“It is tragic that we are losing so many wolves in Oregon, as wolves continue to be lethally targeted both here and nationally,” said Lizzy Pennock of WildEarth Guardians. “The loss of these wolves, in addition to extensive lethal removals at the hands of the Department this year, is a stark reminder of the need to enhance proactive nonlethal measures in wolf management to foster coexistence.”
“We are furious and appalled. These poisonings are a significant blow to wolf recovery in Oregon. Such a targeted attack against these incredible creatures is unacceptable and we hope our reward will help bring the criminals who did this to justice,” said Sristi Kamal, senior northwest representative for Defenders of Wildlife.
Anyone with information about this case should contact the Oregon State Police Tip Line at (800) 452-7888 or *OSP (677) or TIP E-Mail: TIP@state.or.us. Callers may remain anonymous.
The $36,000 in combined rewards are offered by the Center for Biological Diversity, Cascadia Wildlands, Defenders of Wildlife, The Humane Society of the United States, Northeast Oregon Ecosystems, Oregon Wild, Predator Defense, WildEarth Guardians, Wolves of the Rockies, Trap Free Montana, The 06 Legacy Project, Hells Canyon Preservation, the Humane Society of the United States, and private donations.
This past year Montana’s governor and the Legislature, led by representative and trapper Paul Fielder from Thompson Falls, passed a series of reckless bills aimed at decimating the wolf population in our state, despite the fact we have record numbers of deer and elk requiring extra-long hunting seasons.
Testimony at the Legislature warned legislators that if they passed wolf slaughter bills, the federal government would intervene. Now the U.S. Fish and Wildlife is undertaking a 12-month review of the wolves’ status to determine relisting the wolves as endangered. Currently the Montana Department of Fish, Wildlife and Parks — in desperate need of reform — has decided to allow anyone with a license to kill 20 wolves, 10 by shooting and 10 by trapping. Our state is sanctioning the torture and eradication of animals of tremendous intelligence and beauty. Destroying packs, which will lead to more livestock depredation, is designed to make wolves the cultural enemy.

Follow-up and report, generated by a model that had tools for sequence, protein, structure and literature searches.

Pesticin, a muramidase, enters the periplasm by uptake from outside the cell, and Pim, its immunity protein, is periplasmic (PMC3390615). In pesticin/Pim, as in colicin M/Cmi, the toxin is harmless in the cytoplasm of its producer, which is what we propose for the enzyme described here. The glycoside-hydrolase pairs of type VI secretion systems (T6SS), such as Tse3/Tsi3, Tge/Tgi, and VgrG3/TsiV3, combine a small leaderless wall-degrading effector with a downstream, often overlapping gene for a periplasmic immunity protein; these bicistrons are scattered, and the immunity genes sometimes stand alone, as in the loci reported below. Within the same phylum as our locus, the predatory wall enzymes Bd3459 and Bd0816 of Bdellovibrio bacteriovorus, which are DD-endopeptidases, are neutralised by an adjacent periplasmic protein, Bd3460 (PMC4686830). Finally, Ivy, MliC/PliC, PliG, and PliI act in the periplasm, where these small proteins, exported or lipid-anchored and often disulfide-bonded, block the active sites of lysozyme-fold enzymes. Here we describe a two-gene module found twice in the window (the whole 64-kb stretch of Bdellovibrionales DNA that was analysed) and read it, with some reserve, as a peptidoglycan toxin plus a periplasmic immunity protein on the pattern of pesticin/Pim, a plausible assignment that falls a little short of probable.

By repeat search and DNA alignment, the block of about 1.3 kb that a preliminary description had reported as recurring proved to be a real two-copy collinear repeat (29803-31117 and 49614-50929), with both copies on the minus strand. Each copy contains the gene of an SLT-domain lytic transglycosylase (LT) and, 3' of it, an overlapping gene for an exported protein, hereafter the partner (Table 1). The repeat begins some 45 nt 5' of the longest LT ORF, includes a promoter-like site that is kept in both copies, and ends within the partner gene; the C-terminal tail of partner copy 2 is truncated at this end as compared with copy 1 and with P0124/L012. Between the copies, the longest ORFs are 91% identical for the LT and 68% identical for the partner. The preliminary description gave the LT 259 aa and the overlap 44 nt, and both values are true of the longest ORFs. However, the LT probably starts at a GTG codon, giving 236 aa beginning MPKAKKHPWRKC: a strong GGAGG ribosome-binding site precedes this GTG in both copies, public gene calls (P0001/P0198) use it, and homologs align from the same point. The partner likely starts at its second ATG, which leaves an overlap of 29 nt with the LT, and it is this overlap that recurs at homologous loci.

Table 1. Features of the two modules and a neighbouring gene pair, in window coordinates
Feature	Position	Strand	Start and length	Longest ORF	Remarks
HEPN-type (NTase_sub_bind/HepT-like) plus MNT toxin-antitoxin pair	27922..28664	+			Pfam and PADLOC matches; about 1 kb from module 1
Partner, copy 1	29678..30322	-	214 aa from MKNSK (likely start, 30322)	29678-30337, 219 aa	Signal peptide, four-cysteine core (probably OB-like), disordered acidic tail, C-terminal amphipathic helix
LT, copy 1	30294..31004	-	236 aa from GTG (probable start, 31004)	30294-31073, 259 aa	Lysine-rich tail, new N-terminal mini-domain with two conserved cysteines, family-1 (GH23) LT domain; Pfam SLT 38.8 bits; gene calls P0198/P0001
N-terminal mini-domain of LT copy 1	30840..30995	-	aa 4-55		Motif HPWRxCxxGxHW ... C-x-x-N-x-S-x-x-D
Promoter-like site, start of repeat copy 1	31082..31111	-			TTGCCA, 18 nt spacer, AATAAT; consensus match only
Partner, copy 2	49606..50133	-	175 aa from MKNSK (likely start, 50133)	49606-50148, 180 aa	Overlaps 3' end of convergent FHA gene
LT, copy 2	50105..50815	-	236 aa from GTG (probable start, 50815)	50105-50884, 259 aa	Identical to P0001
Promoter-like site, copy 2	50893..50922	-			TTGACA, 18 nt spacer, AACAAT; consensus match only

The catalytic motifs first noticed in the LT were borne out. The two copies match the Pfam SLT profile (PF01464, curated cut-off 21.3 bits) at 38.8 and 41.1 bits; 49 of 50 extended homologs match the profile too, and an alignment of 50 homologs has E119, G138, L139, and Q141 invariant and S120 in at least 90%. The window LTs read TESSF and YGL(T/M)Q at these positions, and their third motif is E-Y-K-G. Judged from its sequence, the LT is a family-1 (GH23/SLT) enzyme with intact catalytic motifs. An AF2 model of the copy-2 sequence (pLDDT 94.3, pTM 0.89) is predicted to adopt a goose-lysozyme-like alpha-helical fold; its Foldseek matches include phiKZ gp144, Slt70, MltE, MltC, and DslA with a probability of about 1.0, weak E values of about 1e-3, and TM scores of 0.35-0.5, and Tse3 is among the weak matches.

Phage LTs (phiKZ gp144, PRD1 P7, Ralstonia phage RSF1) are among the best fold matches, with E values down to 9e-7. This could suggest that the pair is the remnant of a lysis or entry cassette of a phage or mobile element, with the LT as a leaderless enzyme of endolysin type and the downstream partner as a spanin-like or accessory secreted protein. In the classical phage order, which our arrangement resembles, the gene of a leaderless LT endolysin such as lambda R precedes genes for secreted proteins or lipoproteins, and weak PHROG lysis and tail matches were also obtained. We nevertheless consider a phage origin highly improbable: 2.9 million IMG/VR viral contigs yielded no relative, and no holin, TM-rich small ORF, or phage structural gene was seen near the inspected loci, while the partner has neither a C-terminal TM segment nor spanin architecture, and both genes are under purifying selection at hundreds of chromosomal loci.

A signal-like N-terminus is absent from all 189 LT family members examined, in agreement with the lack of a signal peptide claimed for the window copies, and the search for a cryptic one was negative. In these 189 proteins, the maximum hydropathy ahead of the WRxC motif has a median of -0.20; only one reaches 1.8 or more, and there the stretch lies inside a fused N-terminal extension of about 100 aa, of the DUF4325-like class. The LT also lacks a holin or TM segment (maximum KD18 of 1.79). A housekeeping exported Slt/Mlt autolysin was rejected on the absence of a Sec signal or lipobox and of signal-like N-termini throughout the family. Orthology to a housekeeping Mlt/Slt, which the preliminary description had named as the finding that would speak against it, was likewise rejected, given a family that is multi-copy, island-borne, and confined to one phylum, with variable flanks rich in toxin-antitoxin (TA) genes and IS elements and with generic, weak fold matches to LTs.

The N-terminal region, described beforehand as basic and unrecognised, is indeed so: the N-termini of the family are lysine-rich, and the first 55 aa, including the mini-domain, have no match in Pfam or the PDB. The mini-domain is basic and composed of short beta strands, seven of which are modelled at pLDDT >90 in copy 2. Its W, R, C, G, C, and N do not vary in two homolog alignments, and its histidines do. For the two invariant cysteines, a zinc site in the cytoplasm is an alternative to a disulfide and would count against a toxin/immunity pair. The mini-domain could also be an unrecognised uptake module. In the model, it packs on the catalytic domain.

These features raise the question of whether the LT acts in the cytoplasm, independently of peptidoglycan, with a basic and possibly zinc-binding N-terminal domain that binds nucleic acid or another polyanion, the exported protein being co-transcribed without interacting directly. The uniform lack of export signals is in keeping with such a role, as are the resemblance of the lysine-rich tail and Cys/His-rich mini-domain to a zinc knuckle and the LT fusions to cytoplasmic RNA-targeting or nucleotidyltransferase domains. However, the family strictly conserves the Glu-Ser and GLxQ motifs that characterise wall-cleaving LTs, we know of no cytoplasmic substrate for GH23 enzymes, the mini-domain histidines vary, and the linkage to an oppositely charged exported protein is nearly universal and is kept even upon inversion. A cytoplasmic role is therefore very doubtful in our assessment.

But it’s not just Republicans who can hang their hat on this slaughter. If you examine the process, you can’t avoid seeing the handiwork of U.S. Sen. Jon Tester. It is Sen. Tester who moved to delist wolves and return them to state control in 2011, an effort that has proven to be a disaster. But Tester has long seen his tough reelections dependent on killing wolves, not thriving wildlife. His actions against wolves are a disgrace and deserve more sunshine and less double talk.
Many people I have spoken with believe wolf protection flows through the Interior Department. That is true to a certain extent, but it seems clear that the Interior Secretary would like to reinstate protections for wolves in Montana and Idaho. The problem seems to be coming from the U.S. Fish and Wildlife Service, an agency that will soon have as its director a person shepherded by Jon Tester — Martha Williams, former director of Montana Fish, Wildlife and Parks.
Williams’ reign at FWP showed little support for wolves and more talk than action about moving the agency out of the stone age and into the real world of allowing species to be self-regulating. There was no action to curb the rampant power of the NRA and trophy hunting and trapping organizations that control the agency and directly fund its narrow mission.
Now, thanks to Tester, Williams will be appointed director of the U.S. Fish and Wildlife Service after only a few years in wildlife management. The reason is simple; Tester does not want wolves placed back in protection. Tester’s refusal to meet with constituents on this seems based on the mistaken belief that he understands the will of people across Montana on the issue of wolves.
Tester does not understand the love for, emotion and passion that people bring to the table in their support of wolves. His written responses to constituents are tone deaf to concerns. He ignores the financial power wolves generate for Montana.